In three-dimensional space, we consider three mutually perpendicular lines intersecting in a point O. these lines are designated coordinate axes, starting from 0, and identical number scales are set up on each of them.
Learn more on Coordinate Geometry in Two Dimensional Plane
Putting Geometry To Work
Analytic geometry or coordinate geometry is geometry with numbers. In analytic geometry, vertices and special points have coordinates & #8212 in the 2D plane, in 3D space, and so on. Curves are represented by equations. For example, the graph of x2 + y2 = 1 is a circle in the x-y plane.
We manipulate these coordinates and equations to change geometric figures, explore their properties and create new forms. Many of the foundational ideas in this section have been covered in other sections on distance, slope, midpoint and conic sections.
Photo: General Electric Aviation
Analytic geometry is how we translate engineering, architectural, artistic and other ideas into a language that builders, machinists and machines can use to physically create the things of which we dream.
The Boeing 777 aircraft, ubiquitous in the skies now as a passenger carrier, was the first such plane that was entirely built and tested on computers before a prototype was manufactured.
Imagine trying to manufacture the complexly-shaped turbofan blades of the GE turbine engine . Each contains complicated curves in each of the three dimensions that must be precisely formed in hard metals that are likely difficult to work with.
Parts like these are made by programmed machines, and that programming is mathematical coordinates and equations that specify every feature of the part, translated from an engineer’s mind to his/her computer to the machine.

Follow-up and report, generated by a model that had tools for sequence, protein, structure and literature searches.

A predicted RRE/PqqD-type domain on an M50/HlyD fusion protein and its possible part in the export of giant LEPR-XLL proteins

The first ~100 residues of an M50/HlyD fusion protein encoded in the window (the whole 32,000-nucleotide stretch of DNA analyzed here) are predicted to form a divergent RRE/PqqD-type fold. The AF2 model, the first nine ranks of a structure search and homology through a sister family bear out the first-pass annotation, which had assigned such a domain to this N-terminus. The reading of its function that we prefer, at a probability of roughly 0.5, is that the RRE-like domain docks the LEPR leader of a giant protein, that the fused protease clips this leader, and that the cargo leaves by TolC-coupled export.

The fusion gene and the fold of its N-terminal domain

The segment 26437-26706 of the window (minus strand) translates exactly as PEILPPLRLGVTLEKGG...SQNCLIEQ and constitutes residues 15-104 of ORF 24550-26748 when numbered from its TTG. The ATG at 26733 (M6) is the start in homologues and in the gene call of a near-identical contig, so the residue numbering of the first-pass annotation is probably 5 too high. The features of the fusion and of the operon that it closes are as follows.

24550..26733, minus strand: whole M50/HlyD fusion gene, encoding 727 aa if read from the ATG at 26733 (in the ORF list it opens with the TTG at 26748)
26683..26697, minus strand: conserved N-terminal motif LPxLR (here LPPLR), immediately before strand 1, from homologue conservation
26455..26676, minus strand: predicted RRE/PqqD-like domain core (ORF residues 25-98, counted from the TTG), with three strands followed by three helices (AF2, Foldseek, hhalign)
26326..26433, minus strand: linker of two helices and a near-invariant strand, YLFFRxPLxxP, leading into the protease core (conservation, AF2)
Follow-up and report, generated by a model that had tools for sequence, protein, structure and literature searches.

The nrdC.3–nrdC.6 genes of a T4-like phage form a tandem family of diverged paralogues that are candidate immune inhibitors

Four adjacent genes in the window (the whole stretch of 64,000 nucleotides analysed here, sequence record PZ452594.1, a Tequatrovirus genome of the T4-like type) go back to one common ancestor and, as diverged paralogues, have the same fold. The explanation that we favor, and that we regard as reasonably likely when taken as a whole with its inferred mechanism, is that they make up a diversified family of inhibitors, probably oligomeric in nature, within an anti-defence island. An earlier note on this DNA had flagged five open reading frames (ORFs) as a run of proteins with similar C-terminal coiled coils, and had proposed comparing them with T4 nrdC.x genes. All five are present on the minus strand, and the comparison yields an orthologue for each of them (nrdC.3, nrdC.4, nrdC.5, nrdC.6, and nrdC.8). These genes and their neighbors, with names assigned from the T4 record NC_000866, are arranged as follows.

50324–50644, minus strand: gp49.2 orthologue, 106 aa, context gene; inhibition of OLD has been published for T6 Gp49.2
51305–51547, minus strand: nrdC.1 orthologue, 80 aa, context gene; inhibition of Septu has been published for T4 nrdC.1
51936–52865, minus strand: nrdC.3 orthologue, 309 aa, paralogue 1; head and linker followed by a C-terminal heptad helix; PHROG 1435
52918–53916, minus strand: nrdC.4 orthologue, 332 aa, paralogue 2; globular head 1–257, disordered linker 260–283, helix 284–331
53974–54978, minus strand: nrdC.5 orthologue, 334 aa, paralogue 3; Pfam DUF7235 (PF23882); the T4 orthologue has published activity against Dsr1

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Secularization And The Divine
During the Renaissance there was still in Western civilization a shared core of faith. The Scientific Revolution sowed the seeds of secularization. Conflicts between believers were replaced by debates between believers and non-believers. The different views on mathematics and the divine that were expressed in this period reflect this radical development. In Chapter 21, Donald Adamson discusses the ideas of Blaise Pascal. To many the new mechanistic philosophy represented a threat to religion. Pascal tried to safeguard religion by strictly separating the scientific domain, with its geometric approach from the religious domain. In Chapter 23 Philip Beeley and Siegmund Probst treat the views of John Wallis . In the confrontation between theology and science Wallis protected religion by keeping his work in mathematics apart from his theological work. In this way he could handle infinity in mathematics in an unconstrained way and at the same time, on a theological level, attack Hobbes who had claimed that there was no argument to prove that the world has a beginning.
Spinoza has been interpreted in different ways. Some have interpreted his pantheism and his emphasis on the amor dei intellectualis as a form of mysticism. Others view him as an atheist, because he abolished God as a creator. Jonathan Israel, for example, considers Spinoza as the crucial representative of what he calls the Radical Enlightenment. Israel writes:
M.J. Pflaum, in, 2006